New ruling re a job seeker who refused to shake hands during interview
On 15 August 2018, the Labor Court ruled in a case regarding discrimination during a recruitment process. During a job interview, a job seeker refused to greet the company’s representative by handshake because her interpretation of Islam does not allow such greeting with a person of the opposite sex. The company cancelled the interview and the recruitment process and the job seeker then sued the company for discrimination. In the Labor Court, the company referred to its policy, which aims to prevent, among other things, discrimination based on sex and requires all employees to be able to greet persons of the opposite sex by handshake. The Labor Court came to the conclusion that the policy discriminated women who, because of their religious belief, do not shake hands with men and that the policy is not appropriate, necessary and proportionate in order to achieve the legitimate objectives. The cancellation of the recruitment process thus constituted unlawful discrimination under the Discrimination Act and the company was liable to pay damages. [AD 2018 nr 51]
New ruling re non-competition clauses in employment contracts
In a new ruling, the Labor Court has considered, inter alia, the reasonableness of non-competition clauses in employment contracts and the limits of employees’ duty of loyalty. The case concerned four employees who resigned to engage in a competing business. Question arose whether the four employees had breached their duty of loyalty during their employment and if two of them had breached a non-competition clause in their employment contract. As regard the two-year long non-competition clause, the court found that it was reasonable in relation to one of the employees. The employee had breached the clause and was therefore liable to pay liquidated damages in accordance with the contract. The court considered, among other things, that the employee had agreed to the non-competition clause in connection to an asset transfer where she had received consideration also for goodwill and that she personally had many of the licenses required to conduct the business. In relation to the other employee, however, the court found that the non-competition clause was unreasonable and therefore not enforceable since the employee, among other things, had not received any compensation or had a significant role in the company. The ruling confirms previous case law that non-competition clauses are generally unreasonable if the employee does not receive any financial compensation for the undertaking. Further, the Labor Court found that one of the employees, and probably another as well, had breached their duty of loyalty during the employment but no damages were imposed as the company had not proved the financial damages it had suffered due to the breach. [Arbetsdomstolen 2018 nr 49]
New rulings re non-solicitation clauses in employment contracts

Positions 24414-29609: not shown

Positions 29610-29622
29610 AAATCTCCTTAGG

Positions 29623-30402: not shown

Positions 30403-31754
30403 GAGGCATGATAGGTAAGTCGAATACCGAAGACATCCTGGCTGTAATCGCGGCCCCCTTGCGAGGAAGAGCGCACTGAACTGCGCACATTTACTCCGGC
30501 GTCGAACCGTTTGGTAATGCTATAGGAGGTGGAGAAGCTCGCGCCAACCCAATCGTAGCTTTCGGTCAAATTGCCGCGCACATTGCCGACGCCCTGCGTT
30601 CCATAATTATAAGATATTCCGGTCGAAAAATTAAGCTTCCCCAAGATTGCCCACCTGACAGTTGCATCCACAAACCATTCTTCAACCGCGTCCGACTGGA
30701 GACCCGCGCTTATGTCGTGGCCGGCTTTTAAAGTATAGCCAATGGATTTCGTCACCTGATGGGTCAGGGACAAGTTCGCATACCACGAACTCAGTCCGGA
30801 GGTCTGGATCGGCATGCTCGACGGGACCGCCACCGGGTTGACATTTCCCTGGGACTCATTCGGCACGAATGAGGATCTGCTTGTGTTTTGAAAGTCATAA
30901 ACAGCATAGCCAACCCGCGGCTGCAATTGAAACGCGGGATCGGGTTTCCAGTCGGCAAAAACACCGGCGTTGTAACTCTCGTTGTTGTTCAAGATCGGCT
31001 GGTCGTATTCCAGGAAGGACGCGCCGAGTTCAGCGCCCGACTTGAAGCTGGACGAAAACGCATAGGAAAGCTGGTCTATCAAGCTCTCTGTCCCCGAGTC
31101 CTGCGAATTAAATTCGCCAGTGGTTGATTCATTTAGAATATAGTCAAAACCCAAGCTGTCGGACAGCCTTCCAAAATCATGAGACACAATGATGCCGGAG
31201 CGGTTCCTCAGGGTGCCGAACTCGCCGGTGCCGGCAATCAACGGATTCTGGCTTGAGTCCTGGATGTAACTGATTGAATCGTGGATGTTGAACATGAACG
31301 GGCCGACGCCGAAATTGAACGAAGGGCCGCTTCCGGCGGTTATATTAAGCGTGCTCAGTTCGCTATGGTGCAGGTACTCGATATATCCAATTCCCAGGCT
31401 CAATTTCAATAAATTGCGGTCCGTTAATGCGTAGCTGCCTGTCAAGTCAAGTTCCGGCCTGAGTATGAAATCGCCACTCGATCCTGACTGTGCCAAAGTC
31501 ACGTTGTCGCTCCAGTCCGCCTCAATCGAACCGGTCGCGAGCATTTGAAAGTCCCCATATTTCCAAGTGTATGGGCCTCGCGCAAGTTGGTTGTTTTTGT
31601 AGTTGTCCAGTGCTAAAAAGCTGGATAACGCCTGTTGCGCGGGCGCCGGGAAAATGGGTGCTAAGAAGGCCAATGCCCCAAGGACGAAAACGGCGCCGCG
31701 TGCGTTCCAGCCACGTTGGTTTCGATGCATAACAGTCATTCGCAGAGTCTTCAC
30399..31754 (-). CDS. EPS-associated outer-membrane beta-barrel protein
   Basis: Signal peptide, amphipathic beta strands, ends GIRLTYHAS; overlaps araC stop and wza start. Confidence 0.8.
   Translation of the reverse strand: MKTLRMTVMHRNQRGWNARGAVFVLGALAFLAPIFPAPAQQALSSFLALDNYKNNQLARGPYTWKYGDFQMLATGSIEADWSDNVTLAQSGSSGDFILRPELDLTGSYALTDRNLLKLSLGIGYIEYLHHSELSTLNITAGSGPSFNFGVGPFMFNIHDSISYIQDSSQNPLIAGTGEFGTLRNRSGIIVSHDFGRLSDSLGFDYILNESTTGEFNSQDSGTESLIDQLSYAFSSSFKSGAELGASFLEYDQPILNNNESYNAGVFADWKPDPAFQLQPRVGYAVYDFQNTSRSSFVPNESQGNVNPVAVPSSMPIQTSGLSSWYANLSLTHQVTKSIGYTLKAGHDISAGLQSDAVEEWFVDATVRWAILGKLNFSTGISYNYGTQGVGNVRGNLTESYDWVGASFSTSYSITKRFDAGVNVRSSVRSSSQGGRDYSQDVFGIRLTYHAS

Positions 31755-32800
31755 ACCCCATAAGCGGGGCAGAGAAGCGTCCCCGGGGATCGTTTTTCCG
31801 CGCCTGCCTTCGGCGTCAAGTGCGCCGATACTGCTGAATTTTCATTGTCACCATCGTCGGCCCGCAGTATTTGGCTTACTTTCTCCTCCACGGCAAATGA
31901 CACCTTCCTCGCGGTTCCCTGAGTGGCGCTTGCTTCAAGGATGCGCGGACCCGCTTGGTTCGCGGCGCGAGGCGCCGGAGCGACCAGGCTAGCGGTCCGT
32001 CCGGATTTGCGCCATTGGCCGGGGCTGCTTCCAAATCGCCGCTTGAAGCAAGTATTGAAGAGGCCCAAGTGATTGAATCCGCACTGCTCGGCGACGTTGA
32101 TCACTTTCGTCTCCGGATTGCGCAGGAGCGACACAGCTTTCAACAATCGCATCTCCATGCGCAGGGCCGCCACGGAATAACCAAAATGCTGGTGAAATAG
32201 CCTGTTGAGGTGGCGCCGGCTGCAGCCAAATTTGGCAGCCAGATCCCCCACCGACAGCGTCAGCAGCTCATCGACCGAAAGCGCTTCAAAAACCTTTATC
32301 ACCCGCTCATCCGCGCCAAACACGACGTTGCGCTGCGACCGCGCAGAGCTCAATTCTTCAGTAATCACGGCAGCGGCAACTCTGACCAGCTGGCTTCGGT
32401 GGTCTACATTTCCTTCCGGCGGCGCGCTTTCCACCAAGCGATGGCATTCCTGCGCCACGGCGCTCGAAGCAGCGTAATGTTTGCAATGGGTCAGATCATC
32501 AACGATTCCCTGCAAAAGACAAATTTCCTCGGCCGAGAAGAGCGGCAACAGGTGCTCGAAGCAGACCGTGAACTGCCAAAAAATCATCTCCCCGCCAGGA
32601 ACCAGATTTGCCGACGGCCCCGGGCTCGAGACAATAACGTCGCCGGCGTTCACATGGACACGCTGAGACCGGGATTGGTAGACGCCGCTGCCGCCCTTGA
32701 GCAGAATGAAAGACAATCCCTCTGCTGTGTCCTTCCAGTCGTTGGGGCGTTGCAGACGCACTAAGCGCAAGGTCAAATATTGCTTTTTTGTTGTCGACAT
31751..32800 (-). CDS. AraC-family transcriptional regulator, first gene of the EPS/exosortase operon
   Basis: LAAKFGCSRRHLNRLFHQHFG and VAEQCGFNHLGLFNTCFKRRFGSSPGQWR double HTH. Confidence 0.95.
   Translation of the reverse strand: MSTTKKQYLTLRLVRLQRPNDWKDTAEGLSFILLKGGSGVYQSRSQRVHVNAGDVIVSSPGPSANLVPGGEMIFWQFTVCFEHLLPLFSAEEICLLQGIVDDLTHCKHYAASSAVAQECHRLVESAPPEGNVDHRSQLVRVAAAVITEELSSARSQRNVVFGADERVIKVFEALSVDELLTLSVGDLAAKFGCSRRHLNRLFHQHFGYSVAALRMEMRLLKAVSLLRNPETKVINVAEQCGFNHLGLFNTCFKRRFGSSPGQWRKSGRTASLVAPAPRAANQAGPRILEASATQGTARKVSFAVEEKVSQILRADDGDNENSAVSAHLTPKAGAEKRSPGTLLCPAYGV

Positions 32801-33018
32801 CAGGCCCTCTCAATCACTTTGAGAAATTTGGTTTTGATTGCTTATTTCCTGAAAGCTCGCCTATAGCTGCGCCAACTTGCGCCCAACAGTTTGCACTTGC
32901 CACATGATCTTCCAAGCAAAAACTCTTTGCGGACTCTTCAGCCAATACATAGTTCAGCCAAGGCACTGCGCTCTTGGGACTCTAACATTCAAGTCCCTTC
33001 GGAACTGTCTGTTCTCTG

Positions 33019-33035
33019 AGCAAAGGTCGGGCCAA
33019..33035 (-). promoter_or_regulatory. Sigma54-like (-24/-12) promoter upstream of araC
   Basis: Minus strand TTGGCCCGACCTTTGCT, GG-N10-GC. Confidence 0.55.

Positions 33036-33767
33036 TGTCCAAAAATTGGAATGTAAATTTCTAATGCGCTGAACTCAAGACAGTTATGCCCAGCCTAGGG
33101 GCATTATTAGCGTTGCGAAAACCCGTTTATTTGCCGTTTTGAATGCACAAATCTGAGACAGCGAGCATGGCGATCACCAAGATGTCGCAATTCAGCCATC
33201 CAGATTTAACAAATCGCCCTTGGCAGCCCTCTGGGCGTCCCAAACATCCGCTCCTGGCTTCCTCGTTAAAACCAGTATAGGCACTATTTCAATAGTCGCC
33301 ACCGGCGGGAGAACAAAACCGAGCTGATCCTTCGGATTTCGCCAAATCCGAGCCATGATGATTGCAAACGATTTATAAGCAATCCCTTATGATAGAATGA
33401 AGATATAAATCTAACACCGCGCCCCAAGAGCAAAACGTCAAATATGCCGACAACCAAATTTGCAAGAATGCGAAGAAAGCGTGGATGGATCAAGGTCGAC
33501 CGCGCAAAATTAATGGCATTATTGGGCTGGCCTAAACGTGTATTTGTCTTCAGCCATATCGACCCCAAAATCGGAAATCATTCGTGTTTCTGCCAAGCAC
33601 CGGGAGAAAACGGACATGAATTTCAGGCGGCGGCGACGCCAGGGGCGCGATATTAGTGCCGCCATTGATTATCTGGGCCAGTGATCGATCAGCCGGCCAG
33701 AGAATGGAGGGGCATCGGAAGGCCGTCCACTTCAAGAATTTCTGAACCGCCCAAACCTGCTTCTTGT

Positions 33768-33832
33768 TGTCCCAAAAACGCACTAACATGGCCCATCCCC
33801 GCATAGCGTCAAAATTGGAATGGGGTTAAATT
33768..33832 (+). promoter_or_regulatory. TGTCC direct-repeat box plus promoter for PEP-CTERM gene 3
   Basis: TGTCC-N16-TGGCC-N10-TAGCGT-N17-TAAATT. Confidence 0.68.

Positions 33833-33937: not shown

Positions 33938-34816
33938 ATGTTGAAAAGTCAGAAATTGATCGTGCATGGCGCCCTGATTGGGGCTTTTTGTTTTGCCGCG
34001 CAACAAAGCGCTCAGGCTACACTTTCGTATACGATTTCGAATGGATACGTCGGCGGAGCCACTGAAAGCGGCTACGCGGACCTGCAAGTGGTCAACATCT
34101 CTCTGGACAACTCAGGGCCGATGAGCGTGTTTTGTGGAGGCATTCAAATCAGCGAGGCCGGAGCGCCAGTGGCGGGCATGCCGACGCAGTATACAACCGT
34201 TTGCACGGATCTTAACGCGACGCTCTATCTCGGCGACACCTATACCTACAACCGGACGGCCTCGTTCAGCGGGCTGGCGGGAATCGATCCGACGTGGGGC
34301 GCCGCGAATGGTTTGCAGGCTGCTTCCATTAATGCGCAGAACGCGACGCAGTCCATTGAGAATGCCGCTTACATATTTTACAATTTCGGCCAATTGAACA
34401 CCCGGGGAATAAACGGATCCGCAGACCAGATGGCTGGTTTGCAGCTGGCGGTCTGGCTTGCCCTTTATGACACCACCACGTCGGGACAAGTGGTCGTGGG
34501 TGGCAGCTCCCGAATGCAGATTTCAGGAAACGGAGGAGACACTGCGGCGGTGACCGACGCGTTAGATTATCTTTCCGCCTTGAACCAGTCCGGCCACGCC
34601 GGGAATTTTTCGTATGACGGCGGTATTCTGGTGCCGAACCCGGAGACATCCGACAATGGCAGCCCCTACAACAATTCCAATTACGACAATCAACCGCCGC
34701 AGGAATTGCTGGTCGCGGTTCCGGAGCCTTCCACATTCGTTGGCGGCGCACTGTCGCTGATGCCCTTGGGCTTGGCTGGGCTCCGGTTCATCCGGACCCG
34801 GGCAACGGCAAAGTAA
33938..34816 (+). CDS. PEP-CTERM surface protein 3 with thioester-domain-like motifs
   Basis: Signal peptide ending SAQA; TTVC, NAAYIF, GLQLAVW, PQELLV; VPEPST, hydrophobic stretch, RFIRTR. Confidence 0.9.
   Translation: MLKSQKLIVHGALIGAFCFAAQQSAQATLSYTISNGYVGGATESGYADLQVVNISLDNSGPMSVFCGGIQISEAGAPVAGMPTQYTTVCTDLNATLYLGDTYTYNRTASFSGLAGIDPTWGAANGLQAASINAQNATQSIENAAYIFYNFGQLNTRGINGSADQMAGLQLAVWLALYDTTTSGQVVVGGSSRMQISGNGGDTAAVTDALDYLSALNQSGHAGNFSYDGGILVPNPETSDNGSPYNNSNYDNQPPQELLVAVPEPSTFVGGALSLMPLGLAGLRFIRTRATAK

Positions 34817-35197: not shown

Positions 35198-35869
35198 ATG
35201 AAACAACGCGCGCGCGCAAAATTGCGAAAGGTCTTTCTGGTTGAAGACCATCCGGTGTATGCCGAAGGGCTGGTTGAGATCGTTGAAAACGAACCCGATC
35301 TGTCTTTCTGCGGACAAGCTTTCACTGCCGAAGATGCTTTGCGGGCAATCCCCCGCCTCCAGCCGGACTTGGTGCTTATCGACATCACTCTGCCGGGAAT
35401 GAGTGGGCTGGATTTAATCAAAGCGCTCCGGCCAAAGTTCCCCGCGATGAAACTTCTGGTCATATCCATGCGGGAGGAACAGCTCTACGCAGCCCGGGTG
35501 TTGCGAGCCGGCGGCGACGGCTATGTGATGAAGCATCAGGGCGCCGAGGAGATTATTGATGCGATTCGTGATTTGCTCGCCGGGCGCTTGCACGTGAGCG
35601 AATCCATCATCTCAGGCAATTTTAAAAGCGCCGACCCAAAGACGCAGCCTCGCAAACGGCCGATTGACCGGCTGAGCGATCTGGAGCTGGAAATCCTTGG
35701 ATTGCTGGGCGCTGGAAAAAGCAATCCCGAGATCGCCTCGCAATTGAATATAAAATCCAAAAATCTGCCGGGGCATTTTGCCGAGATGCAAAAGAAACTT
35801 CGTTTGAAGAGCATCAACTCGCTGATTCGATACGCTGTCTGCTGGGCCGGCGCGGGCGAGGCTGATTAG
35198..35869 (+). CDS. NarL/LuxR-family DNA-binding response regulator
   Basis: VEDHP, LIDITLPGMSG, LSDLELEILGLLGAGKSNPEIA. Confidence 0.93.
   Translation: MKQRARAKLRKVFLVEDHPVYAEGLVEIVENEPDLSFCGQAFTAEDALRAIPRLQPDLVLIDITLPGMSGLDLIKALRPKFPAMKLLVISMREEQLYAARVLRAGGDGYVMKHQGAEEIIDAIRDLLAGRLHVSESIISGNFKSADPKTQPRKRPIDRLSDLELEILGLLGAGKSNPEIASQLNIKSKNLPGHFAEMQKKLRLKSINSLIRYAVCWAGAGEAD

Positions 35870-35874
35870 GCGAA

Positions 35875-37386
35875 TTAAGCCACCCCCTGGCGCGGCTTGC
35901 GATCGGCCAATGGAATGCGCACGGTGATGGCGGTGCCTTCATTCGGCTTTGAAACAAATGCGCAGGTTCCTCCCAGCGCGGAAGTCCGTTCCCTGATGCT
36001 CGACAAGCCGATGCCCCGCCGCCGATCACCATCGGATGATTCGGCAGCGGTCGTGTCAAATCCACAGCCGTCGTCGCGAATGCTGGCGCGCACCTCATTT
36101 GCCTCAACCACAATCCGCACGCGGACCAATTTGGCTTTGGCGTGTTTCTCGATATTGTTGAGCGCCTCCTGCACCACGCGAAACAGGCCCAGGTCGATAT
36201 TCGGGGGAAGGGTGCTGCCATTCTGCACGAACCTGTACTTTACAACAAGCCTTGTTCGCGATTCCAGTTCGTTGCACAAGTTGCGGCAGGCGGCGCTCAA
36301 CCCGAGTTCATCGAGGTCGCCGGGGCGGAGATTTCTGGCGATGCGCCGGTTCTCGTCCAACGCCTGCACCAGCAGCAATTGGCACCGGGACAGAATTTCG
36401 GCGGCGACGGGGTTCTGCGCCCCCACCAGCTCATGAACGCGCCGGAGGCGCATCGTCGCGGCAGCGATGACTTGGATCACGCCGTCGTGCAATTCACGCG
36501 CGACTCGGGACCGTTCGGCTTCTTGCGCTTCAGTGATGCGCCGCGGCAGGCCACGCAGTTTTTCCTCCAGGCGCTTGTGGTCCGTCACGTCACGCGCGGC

The Labor court recently gave its ruling in two cases regarding non-solicitation clauses in employment contracts. The cases concerned three employees working with game development who resigned to engage in competing businesses and question arose whether the non-solicitation clause in their employment contracts prevented them from hiring employees of the former employer.
In its ruling, the court held that when assessing the reasonableness of a non-solicitation clause, consideration shall be given to whether the employer has a legitimate purpose with the clause. If the sole purpose with such clause is to prevent that a former employee encourage other employees to leave their employments, for instance to start working for a competitor, the limitation can only be justified for a short period of time. The court held that at the time of the trial, 6, 15 and 18 months had passed since the termination of employment and the employer’s legitimate interest of maintaining the clause should have subsided.
The court noted that the restriction was not limited to any category of employees, such as employees who the former employees had worked with, had certain knowledge about or employees of the company or group company with specific skills or knowledge. Further, the clause was not limited to active recruitment by the former employees, they were not allowed to employ employees of the company or group company that turned to them for new employment without their encouragement.
The court came to the conclusion that the non-solicitation clause in the employment contracts was unreasonable and therefore not enforceable. [AD 2018 nr 61 and AD 2018 nr 62]
In the light of these rulings, employers should review their use of non-solicitation clauses and consider the following; (i) can the restrictive period be shortened? (ii) could the category of employees be limited? (iii) can the type of forbidden actions be limited, for instance only cover active recruitment by the former employee?
Cecilia Bergman, Associate
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